“At the time of writing in 2018, 11 out of the 12 drugs studied did not have any generic or biosimilar competition in the United States. Even the drug that did have competition (Remicade) at the time of writing was limited to only one competitor.” – I-MAK letter
The Initiative for Medicines, Access & Knowledge (I-MAK) has responded to a letter it received from Senator Thom Tillis (R-NC) in January asking the organization to address claims that its data on the effects of pharmaceutical patents on drug pricing is faulty.
In the letter, I-MAK defended its underlying patent data and, in reference to the question of why the data differs significantly from public sources like the Food and Drug Administration’s Orange Book and court filings, explained that “relying on public sources and court filings is not an accurate methodology for identifying all patents on a drug.”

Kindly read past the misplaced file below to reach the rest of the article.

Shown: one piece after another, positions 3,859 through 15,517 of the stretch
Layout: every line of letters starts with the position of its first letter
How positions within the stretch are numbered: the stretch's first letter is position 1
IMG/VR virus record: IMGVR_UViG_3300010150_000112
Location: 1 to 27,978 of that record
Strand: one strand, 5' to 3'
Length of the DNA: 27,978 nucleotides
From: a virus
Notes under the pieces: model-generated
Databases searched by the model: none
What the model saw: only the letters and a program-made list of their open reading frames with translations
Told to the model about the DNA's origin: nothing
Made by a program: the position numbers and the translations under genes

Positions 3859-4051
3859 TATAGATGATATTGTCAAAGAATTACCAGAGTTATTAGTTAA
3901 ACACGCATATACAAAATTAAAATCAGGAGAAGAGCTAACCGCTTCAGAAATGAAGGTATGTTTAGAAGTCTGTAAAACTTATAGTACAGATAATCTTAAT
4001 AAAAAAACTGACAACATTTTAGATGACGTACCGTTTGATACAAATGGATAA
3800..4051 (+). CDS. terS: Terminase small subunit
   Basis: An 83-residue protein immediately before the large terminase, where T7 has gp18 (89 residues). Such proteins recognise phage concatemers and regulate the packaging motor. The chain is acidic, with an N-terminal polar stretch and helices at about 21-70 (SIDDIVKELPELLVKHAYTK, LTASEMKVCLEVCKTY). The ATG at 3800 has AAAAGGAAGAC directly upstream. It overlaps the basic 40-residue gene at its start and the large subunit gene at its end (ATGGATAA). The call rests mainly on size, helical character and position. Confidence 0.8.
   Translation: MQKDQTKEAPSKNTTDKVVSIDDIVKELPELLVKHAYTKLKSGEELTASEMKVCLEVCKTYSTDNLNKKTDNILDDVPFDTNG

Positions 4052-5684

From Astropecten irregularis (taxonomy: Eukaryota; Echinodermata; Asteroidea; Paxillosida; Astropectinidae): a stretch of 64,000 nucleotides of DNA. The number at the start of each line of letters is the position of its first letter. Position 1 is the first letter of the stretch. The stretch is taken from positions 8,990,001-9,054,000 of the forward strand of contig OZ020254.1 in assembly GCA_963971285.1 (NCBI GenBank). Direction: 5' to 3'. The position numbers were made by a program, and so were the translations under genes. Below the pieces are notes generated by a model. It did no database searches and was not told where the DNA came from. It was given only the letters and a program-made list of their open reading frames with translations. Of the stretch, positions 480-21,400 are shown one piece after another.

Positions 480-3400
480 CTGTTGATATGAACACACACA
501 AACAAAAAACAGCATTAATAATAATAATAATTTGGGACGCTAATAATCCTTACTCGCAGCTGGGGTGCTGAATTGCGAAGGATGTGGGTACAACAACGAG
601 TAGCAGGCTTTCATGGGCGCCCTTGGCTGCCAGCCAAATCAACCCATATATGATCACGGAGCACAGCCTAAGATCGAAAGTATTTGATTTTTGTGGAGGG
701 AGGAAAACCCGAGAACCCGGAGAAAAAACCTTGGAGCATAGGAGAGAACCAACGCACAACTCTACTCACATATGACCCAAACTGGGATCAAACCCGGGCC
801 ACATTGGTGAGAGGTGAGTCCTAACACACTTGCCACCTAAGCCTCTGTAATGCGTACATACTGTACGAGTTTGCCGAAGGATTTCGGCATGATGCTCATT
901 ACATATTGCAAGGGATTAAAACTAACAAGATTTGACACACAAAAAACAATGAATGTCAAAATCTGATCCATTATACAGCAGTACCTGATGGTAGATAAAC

I-MAK’s view is that the U.S. patent system creates patent monopolies that lead to the practice of “evergreening”, in which innovator pharmaceutical companies extend their rights beyond the original patent terms, preventing competition from generics, which in turn causes drug prices to remain high. As part of its mission, I-MAK has developed a database of patents covering key drugs. Its reports are often cited by academics, including in law journals, policymakers and in congressional hearings. As a result, I-MAK has become one of the most authoritative sources for information on patents in this space.
Last month, Tillis (R-NC) asked Tahir Amin, I-MAK Co-Founder and Co-Executive Director, to provide “a detailed explanation of your methodology for calculating the number of patents on a drug product that could be replicable by other researchers,” as well as why the numbers differ “so dramatically from public sources, and what the significance is of your numbers on years of exclusivity if there are generic products already on the market or anticipated to be on the market.”